rear view of 2014 Vauxhall Cascada

2014 Vauxhall Cascada

Behind the wheel it is again evident that this is no normal Vauxhall. There has been clear care and attention to detail in the engineering of the 2014 Vauxhall Cascada. There is plenty of lovely technology from the brands brightest and best models that they have equipped it to ensure that it can take on the big boys of this segment. On the road, the 2014 Vauxhall Cascada is surprisingly sturdy with the roof down and doesn’t shudder over surfaces as a lot of drop tops have a habit of doing. When specced with the optional Flex-Ride adaptive damping system and put into ‘Tour’ mode it actually gives a better ride quality than convertibles that cost over double the price of this machine.That’s no mean feat. However, based on its size and weight, it isn’t quite as comfy when in the sports orientated modes (again it’s on par with the A5 Cabriolet in this regard).

Instead, the suspension becomes stiffer and the steering sharpens as does the throttle response, which does lead to a more responsive ride. The brakes are powerful and the grip to the road is very good. It’s good to see that Vauxhall have thrown their best available engines into this endeavour, including the new 170ps 1.6 SIDI petrol unit which can reach 62mph from standing in 9.2 seconds up to the top speed of 135mph. There is also a 200ps model of this engine available for those wanting more. Super-specced engines aren’t the point in cabriolet motoring however. A rather nice balance can be had from the entry level 140ps 4.0ltr petrol turbo model which reaches 62 in 10.2 seconds up to 129mph.For diesel power there is the 165ps 2.0ltr CDi unit (62 in 9.6 secs up to 135mph) as well as the 195ps twin turbo model which shaves this a bit further (62 in 9.6 secs/top speed at 143mph) although this will be the niche choice in the line-up.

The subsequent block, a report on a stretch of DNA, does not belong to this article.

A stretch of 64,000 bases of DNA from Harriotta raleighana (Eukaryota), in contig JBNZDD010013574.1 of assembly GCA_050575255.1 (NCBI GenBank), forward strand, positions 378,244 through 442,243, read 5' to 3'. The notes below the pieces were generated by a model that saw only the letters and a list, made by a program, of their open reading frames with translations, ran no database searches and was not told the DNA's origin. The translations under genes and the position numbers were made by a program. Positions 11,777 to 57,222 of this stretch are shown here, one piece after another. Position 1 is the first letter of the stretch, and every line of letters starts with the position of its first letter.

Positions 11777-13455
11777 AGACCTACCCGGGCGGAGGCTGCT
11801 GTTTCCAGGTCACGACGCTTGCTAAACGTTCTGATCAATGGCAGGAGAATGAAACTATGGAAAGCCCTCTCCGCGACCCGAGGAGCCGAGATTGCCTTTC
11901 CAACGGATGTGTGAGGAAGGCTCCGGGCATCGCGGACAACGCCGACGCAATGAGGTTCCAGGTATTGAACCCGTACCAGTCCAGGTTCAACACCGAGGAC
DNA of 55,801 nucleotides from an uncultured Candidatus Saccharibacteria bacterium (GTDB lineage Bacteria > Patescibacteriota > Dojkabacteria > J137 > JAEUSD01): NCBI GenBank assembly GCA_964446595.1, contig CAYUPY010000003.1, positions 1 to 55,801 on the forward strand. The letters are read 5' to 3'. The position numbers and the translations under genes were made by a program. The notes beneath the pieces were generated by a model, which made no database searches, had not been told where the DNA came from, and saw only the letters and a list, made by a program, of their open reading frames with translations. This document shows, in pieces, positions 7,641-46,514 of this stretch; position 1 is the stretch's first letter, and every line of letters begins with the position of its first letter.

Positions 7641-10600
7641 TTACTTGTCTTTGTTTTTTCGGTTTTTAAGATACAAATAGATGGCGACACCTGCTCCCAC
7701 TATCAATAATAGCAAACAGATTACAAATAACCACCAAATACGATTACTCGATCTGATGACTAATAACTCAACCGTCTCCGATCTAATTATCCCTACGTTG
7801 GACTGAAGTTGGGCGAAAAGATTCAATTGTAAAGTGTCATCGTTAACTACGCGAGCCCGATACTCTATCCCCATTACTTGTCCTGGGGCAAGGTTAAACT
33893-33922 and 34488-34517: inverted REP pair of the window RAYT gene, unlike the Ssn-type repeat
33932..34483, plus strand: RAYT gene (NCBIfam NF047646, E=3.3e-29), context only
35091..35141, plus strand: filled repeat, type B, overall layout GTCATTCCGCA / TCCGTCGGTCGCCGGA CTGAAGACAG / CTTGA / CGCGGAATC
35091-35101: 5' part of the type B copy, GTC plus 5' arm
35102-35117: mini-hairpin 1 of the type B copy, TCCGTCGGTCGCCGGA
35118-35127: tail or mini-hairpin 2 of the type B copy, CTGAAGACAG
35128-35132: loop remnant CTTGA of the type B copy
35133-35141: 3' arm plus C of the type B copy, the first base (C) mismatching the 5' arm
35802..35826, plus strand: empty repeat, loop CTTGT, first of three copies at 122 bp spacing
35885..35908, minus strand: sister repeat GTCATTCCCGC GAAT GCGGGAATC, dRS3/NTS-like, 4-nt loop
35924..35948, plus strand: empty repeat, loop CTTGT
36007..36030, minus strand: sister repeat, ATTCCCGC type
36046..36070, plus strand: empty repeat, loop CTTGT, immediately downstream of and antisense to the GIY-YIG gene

All in all, what’s the lowdown with the 2014 Vauxhall Cascada? The Cascada is definitely one of the best Vauxhall products on the market and certainly the best (thanks to its superior rear space) in the affordable side of the cabriolet segment. It’s plush, well-engineered, good looking and provides a really tempting all-round convertible package. One thing is for certain – this 2014 Vauxhall Cascada allows you to own a proper premium-feel convertible at half the price of the top luxury brand competitors – a virtue that should give it all the welly it needs to go big league in this notoriously badge conscious market.

If you want to get hold of the 2014 Vauxhall Cascada then don’t hesitate to leave us a message on our contact us page or give us a call on 01903 538835 to find out about our Vauxhall lease deals.

Andrew Kirkley

Director at OSV Ltd
Andrew enjoys: Movies and travelling to new cities to explore different cultures.

Andrew has been in the motor trade for over 20 years. What he enjoys most about his job is the team spirit and the dedication of his work colleagues. He also appreciates the teams input in the improvement of the company.
Andrew Kirkley

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  • 4th December 2014